Dendron, Va chooses its own future.

Cross-posted from the CCAN Blog

Dendron, Virginia, has more than its share of challenges. The community of around 300, located in the southern corner of Surry County, struggles with an outdated municipal water system, crumbling sidewalks and no major businesses within the town.

Prior to the Great Depression, Dendron had been a company town of more than 3,000, fueled by the lumber industry’s presence there. Private business thrived in a town that revolved around the processing and export of timber across the country. Despite its character as an industrial one-trick-pony, the town of Dendron had something to stand for, and an industry to be proud of.

Today’s Dendron little resembles that historic vision of the 1900’s boomtown. Largely forgotten by the industry that once supported a thriving community, and facing serious municipal and community problems, such as an unexpected $10,000 water bill, you’d think the small town would take anything at this point to give it an economic boost.

The Old Dominion Electric Cooperative assumed this to be true when executives within the cooperative approached Dendronites with a plan for a new 1,500-megawatt coal-fired power plant, the second largest of its kind in Virginia. ODEC presented the Cypress Creek project with the promise of new jobs, tax revenue, and the idea that one major industry would bring others to the cash-strapped community. Despite local environmental effects and immediate hazards to human health, ODEC worked to assure Dendron residents that they stood to benefit from such a plant’s construction. ODEC also assumed that they’d buy into it without any major hiccups.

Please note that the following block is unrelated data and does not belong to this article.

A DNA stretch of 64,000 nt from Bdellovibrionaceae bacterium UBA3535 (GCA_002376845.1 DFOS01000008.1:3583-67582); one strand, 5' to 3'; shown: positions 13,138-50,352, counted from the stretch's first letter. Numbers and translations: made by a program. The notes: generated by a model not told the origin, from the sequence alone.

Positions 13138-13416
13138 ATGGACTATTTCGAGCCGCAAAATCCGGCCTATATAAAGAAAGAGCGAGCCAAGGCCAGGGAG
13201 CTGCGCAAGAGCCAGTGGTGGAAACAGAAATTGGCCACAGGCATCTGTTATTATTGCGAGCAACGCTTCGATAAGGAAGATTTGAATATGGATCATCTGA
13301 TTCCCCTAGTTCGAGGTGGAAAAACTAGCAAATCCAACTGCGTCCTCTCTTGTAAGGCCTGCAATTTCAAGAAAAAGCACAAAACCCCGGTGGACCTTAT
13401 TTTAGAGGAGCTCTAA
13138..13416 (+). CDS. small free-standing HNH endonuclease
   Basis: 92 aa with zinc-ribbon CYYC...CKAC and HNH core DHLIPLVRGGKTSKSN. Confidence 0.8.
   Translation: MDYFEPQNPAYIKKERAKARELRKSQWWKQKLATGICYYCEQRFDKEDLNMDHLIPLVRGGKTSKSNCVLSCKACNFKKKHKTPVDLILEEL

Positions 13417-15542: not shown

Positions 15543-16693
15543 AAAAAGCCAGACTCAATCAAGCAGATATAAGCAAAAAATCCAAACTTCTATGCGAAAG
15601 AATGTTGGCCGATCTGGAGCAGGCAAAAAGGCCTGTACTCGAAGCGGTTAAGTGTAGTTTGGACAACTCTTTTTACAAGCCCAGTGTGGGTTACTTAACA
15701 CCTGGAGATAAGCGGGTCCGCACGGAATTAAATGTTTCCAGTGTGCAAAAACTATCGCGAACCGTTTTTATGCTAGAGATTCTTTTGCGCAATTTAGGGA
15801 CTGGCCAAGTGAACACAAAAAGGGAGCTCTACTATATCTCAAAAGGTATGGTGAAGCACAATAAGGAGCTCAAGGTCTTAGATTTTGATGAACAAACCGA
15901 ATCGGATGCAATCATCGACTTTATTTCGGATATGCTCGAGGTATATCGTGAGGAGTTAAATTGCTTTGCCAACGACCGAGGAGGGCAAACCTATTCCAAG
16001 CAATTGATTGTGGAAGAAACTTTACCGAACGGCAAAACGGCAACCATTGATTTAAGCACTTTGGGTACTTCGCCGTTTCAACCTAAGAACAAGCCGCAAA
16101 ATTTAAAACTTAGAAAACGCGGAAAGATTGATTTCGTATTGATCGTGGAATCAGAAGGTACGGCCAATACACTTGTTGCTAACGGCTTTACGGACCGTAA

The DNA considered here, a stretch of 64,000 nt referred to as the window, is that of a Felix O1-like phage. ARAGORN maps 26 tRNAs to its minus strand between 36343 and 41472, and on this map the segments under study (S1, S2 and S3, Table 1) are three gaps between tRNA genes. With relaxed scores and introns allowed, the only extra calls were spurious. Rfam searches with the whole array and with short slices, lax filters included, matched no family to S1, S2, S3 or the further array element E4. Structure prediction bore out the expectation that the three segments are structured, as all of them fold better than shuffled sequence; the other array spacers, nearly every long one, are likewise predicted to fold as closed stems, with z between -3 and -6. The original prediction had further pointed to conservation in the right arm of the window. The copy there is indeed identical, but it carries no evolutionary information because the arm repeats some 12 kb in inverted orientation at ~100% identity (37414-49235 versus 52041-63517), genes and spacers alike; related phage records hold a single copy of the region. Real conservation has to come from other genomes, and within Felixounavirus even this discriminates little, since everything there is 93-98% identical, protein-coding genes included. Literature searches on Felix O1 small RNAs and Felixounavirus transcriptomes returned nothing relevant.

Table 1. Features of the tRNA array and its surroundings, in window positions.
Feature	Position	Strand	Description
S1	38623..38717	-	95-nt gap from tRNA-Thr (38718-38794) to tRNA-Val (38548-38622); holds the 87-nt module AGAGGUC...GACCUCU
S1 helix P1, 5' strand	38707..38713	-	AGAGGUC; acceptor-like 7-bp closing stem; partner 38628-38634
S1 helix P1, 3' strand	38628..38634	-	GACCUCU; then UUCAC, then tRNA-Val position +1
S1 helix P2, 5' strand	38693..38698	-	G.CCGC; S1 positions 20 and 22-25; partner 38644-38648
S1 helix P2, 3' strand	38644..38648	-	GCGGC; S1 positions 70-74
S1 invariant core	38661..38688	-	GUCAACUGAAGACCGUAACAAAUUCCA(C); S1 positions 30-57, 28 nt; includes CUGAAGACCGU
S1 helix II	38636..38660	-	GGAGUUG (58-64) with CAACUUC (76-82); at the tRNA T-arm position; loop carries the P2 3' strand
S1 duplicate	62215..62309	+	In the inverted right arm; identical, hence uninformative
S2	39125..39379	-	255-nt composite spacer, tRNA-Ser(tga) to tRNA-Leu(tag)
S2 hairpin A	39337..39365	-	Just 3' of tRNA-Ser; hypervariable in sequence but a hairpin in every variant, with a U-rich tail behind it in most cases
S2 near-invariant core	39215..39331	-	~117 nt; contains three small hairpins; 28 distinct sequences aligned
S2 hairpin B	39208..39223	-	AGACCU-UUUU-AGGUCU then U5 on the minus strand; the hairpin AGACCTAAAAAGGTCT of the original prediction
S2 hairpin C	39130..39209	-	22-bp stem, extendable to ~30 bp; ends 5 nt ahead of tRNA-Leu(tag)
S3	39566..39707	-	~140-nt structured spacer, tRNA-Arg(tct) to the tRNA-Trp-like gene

The cooperative, which has endlessly dispelled misinformation concerning the proposed plant (see Hope for Surry Shines through smog, 3 June), encountered a major hiccup Monday evening. As the Dendron Town Council met for its second meeting to deliberate the adoption of an ordinance that would allow the coal-friendly county board of supervisors to assume the community’s zoning rights, tensions – and temperatures – began to rise in the small side room of the Dendron Volunteer Fire Department, the only building large enough to host the crowd of more than 100. Fans reading, “NO COAL PLANT,” undulated throughout, filling the room as it quickly approached capacity, and Mayor Yvonne Pierce called the meeting to order.

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Underground Coal Gasification

Just saw this come across the interwebs. WTF? Mine coal by infecting it with a bacteria that belches natural gas. my interest is peaked.

BNET Energy

A Microbe That Could Keep Coal in the Ground

By Chris Morrison | June 29th, 2009 @ 1:47 am

Craig Venter, already famous as the first person to completely map his own DNA, now claims to be working with British oil giant BP on bacteria that can break down coal into methane, making it cleaner and removing the need for mining. Using modified bacteria, coal miners could presumably just "infect" a coal seam, harvesting the resulting natural gas as it seeped upward through the ground.